I’ve been discussing the interesting dream of a dreamer named Taylor, a sailing buff. In his dream, he has a steamy sexual encounter with a married woman he doesn’t know.
Masculine and Feminine Energy in Dreams
In the last post I wrote about the bonding of masculine and feminine energy as symbolized through the act of lovemaking. The intuitive, feminine part of us receives inspiration and gives its ideas to the masculine part of us. Our masculine then brings the ideas into reality. So the sexual bonding of masculine and feminine in a dream is often a symbol for an idea that becomes a plan, one that is set into motion.
In Taylor’s dream, this almost happened, but not quite.
A Dreamer Must Analyze His Own Symbols
One thing I haven’t discussed in regard to this dream is the importance of each dreamer analyzing his own symbols. The symbolic meaning of something like masculine and feminine is pretty archetypical, so I can get away with generalizing.
But now we have other symbols: a sailboat, a box full of food being carried by the sexual partner’s husband, and the bright sun obscured by the sailboat’s mainsail. All of these images hold important clues to the dream’s meaning, and only Taylor can accurately tell us what those meanings are.
I get Taylor talking about each symbol by saying to him, “Tell me about it!” What follows are his responses to these prompts. As you read, imagine your own answer to the same prompt; it might be different than his. That’s why it’s so important to let each dreamer answer for himself.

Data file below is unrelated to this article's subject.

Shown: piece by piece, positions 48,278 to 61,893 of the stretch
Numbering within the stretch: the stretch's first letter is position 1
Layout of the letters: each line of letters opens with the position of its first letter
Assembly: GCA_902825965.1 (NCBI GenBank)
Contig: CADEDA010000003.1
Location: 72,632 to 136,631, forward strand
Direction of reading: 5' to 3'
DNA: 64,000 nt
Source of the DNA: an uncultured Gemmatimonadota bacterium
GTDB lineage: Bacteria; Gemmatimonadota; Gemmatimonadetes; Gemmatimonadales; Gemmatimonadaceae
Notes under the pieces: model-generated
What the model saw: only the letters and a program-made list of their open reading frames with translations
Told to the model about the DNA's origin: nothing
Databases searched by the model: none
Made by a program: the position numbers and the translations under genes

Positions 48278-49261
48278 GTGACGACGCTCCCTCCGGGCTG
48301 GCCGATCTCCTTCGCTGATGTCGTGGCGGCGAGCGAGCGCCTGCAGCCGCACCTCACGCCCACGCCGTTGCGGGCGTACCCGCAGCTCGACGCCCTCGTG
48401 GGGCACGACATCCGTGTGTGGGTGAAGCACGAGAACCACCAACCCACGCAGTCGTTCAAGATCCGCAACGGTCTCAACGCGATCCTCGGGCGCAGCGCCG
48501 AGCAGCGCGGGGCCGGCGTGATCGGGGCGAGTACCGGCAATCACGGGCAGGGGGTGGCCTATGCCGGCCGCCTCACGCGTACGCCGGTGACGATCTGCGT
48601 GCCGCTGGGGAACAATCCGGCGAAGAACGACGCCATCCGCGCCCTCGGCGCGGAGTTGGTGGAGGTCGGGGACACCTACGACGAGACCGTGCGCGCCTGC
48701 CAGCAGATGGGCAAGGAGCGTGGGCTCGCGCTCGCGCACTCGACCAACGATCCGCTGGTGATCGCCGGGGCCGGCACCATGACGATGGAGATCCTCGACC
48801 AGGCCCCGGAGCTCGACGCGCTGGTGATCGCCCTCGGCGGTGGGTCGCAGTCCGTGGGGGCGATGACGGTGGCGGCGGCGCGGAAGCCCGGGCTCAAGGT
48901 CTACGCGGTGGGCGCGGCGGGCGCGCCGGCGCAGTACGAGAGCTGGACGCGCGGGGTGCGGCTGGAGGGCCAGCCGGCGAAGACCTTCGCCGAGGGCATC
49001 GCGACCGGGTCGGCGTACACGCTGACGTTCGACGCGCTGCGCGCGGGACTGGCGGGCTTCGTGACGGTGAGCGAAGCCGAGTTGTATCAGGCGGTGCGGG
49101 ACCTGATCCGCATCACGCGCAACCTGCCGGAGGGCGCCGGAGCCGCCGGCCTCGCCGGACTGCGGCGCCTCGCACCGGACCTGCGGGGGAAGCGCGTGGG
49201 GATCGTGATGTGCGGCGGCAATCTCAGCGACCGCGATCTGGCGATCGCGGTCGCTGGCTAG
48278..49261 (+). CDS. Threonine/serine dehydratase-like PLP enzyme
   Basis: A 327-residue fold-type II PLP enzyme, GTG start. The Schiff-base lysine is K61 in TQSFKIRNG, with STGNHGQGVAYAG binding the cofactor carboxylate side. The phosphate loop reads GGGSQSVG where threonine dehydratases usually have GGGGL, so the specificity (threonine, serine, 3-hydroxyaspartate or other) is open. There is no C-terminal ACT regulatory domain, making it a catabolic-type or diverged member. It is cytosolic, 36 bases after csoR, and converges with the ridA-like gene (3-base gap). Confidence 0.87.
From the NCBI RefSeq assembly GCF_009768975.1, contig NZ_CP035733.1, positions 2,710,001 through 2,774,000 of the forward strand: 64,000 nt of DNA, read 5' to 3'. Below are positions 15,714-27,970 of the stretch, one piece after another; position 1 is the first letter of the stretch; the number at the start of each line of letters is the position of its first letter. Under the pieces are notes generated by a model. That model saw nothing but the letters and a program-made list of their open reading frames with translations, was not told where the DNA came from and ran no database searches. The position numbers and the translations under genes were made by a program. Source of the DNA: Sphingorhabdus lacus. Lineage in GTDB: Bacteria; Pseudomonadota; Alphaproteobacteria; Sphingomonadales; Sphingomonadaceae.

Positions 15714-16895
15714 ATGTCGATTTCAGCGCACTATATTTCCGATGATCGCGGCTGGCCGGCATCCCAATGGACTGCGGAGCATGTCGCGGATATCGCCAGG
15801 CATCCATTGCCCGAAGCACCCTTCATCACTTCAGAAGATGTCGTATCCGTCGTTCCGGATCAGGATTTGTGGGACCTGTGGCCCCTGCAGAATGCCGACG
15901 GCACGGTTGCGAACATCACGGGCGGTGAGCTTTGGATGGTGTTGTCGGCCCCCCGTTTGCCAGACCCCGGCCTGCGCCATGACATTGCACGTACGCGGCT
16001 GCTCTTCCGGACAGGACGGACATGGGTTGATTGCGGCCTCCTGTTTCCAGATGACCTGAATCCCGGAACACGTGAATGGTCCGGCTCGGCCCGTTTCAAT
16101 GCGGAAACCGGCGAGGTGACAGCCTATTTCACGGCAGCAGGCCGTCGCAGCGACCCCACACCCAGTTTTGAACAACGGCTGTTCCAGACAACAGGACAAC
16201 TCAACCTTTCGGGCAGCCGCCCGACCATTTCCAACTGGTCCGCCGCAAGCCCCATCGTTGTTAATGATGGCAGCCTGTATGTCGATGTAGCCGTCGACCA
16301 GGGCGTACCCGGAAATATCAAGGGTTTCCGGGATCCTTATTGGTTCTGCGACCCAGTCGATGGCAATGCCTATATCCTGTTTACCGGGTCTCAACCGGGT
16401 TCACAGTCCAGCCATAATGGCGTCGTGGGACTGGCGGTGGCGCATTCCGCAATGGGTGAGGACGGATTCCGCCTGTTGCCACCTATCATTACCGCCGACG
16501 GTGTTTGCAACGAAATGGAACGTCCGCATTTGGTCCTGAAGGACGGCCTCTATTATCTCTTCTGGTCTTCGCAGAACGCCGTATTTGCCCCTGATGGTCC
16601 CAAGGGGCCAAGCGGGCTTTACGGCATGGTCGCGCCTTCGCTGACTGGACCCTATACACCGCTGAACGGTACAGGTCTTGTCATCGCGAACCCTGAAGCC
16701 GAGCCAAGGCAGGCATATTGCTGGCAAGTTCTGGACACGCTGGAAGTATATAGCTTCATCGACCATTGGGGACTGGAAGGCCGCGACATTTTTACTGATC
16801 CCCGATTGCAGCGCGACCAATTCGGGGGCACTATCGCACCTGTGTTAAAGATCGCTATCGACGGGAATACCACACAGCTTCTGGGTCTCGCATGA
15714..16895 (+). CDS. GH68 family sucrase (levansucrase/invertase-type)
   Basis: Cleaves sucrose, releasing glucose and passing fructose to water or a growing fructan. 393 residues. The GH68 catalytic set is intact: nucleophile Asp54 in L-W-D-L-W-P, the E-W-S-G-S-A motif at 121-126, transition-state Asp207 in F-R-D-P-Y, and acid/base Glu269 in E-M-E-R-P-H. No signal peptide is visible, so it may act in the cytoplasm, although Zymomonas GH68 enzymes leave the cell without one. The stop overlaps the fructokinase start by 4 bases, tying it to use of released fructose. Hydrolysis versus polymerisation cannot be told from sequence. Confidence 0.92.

Taylor’s Own Dream Symbol Definitions
Tell me about:
A sailboat. “It makes me think of the expression, ‘You can sail away.’”
A box full of food. “Preparing for a long trip.”
Your sexual partner’s husband. “She’s already in a commitment.”
The sun. “It’s the brightest light in our existence.”
The sun being obscured by the mainsail. “It was blocked, and I wasn’t getting the full force of its power. In some ways that was more pleasant, but it was definitely less potent.”
Putting the Dream Together
Now it was time to organize these symbols into a cohesive whole. I did this by telling Taylor’s dream back to him. Only instead of using his symbols, I used his symbol definitions, and I reminded him that the dream was about himself:
There is a part of me that wants to sail away and I’m preparing for a long trip. I have an idea—although the idea is already in a commitment, and I don’t quite set it into motion. What’s more, my brightest light is obscured by the vehicle for this trip I want to take. That’s actually more comfortable, but it is definitely less potent.
Tomorrow, in my final post on this terrific dream, we’ll see what Taylor, himself, got out of these symbols. In the meantime, let me know what you think! What do you get from this dream?